It’s mostly about writing this week. Sneakatara Boatman and the Priest of Loki has been on my mind a lot this week. If you can’t get behind that, you might want to come back later.
1. Finishing a book is only the beginning
I’ve spent part of this week rediscovering why I started blogging. It’s because I enjoy writing, but unfortunately, finishing your book is only the beginning of the process.
My problem is that I’m a good writer, and I always have been. I’m used to getting my point across on the first draft, and it’s made me lazy. I don’t want to re-write, I especially don’t want to start making wholesale changes to scene and story structure once my basic structure is in place, and I have bad habits that I let myself get away with way too often in the name of “personal voice”. None of these is a crushing problem for a blogger, but novelists have to be better.
If you’re putting out a novel, writing and rewriting are just the beginning of the process. Everyone needs an editor, and there are two kinds—developmental editors, who help fine-tune your scene and story structure, and copy editors, who fix your grammar mistakes. If you then want to get your work out to the public, it takes a publisher, and if you want people to know your work exists, you have to find a way to market it.
Blogging is a simpler solution. Your work might not find an audience, but the process is instantaneous, and the blog is an ongoing affair. Any mistakes you make get covered up quickly by the accumulation of new material. Your old stuff is still there and still searchable—your most popular posts can continue to make you money—but in general, no one cares what you wrote yesterday. All they want to know is what’s coming tomorrow. This is excellent if what you really want to do is write.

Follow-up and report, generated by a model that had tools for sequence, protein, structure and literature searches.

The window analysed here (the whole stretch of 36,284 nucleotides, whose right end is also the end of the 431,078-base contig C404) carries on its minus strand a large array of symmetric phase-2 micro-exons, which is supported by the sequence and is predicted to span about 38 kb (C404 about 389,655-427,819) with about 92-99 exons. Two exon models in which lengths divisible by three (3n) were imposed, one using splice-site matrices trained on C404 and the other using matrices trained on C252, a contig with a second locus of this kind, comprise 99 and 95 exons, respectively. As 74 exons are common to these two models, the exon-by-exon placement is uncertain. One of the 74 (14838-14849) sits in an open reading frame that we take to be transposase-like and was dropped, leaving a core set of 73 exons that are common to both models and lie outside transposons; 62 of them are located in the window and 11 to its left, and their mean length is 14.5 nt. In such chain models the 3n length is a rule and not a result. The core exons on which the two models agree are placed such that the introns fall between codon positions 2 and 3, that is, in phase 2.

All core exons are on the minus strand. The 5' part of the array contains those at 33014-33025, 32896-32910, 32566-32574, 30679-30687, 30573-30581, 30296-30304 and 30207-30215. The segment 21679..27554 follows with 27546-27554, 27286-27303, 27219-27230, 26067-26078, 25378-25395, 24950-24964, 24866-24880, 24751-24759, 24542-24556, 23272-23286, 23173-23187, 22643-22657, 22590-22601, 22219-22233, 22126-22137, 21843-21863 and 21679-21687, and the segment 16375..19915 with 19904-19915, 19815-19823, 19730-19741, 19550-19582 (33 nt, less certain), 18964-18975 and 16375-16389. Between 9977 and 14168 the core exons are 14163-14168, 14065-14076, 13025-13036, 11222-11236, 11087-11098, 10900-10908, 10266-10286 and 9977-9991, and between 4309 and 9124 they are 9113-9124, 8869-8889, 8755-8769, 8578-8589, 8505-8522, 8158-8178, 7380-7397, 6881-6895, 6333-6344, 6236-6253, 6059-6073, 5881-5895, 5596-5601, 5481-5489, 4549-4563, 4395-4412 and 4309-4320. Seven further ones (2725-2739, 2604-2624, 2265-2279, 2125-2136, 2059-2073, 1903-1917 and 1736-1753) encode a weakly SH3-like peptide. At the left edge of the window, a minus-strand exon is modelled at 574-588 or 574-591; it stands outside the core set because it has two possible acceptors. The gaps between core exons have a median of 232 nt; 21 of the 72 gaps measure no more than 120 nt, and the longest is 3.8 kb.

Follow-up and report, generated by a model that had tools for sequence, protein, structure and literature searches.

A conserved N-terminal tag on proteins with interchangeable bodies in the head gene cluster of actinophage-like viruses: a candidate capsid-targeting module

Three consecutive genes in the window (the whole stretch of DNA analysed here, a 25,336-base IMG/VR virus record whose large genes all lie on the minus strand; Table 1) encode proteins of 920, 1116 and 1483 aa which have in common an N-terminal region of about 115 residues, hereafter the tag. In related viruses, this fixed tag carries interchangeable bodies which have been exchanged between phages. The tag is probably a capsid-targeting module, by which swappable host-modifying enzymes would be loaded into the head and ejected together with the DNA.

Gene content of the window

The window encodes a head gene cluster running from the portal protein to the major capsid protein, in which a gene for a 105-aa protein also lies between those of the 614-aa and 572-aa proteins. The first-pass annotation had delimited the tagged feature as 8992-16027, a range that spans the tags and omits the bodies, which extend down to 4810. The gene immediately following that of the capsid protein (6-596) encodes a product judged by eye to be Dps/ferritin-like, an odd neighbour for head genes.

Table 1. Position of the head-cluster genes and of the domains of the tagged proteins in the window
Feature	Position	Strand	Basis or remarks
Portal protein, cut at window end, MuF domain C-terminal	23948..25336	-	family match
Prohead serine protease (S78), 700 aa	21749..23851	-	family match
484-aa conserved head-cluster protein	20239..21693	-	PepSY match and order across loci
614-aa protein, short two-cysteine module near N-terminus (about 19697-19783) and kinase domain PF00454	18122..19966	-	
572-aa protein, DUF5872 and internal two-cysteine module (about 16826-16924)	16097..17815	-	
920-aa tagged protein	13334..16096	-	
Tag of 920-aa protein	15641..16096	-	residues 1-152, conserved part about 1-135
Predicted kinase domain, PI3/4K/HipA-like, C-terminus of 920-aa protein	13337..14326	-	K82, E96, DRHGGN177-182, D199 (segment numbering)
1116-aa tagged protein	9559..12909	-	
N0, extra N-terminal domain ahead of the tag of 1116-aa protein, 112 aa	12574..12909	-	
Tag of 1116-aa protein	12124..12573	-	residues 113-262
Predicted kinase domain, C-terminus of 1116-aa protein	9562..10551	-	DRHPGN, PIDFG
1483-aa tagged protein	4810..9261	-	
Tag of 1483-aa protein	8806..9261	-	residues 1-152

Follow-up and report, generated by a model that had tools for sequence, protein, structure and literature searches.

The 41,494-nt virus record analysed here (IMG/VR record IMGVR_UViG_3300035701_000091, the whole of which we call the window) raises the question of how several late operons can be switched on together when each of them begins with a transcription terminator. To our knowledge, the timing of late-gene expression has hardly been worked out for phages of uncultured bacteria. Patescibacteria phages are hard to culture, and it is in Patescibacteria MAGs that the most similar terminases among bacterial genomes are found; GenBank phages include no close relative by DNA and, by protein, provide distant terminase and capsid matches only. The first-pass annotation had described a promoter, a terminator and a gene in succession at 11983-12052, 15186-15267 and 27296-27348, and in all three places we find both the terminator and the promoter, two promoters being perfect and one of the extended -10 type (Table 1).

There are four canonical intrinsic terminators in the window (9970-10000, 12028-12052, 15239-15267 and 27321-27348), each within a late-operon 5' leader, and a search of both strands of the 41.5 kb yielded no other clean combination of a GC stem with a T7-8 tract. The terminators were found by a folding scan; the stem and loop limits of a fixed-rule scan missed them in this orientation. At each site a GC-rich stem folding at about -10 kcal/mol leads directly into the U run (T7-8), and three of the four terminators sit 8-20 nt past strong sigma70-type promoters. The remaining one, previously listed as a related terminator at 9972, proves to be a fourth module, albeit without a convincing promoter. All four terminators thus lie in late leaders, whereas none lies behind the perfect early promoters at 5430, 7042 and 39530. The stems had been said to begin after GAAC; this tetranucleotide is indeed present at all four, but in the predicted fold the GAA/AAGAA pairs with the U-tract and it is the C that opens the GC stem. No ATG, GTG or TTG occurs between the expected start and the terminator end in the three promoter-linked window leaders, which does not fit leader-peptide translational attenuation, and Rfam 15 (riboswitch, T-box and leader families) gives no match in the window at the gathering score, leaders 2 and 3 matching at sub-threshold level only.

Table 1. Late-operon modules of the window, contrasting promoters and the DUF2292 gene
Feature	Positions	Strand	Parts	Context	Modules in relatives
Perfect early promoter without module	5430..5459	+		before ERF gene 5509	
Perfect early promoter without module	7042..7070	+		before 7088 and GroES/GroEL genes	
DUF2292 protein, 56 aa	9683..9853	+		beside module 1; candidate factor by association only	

|I'm planning to use a version of this symbol on the cover of my book.|
In Norse tradition, Loki is the father of Fenrir the Wolf and Jörmungandr the World Serpent.
I've used Jörmungandr and Ouroboros interchangeably. The snake eating its tail seems an appropriate symbol for the God of Chaos given its inherent pointlessness.
2. Figuring out what to do next
Unfortunately, blogging is the beta-male’s solution to the writer’s dilemma. I wrote the stories that form the basis of my book for my daughters, but having now gone to the trouble of finishing the book, I want to see how good it can be. I want to know if it speaks to other people.
I want to know if it’s good.
I can’t get where I want to go just through blogging. Posting the book on the blog proves nothing, and anyway, I think it’s unhealthy professionally to continually choose the path of least resistance. Moving forward means figuring out what to do next.
- I have some options.
- Search for an agent
- Search for a publisher
- Hire a developmental editor, and then do one of the things above
- E-Publish the book online
- E-Publish the book a chapter per week on my blog
- Search for a self-publishing service
- Go to Kickstarter, and then do some the stuff listed above
I like writing. When I wrote my first book, I did it for the same reason that most people run marathons. I wanted to see if I could. This time out, I’m a better writer, and my book is a better book. However, I’m still not sure what the right answer is.
3. Changing my process
On top of everything, my writing process has changed. To paraphrase my friend Elizabeth Howard (@smallstate) yesterday, I need to quit rolling out the red carpet for my words and learn to just say what I’m trying to say.
That’s good advice, but I find it hard to follow. Elizabeth's advice is swirling through my head right now, telling me to write smoother, clearer prose. But knowing it and doing it are different things.
It might be maddening, but Elizabeth’s advice yesterday helped me formalize my process. That’s been extremely useful. It’s not that I didn’t know to trim excess verbiage off previously, it’s just that the way she put it changed the way I think about it. My process now looks like this:
- Read and evaluate the work for story and scene structure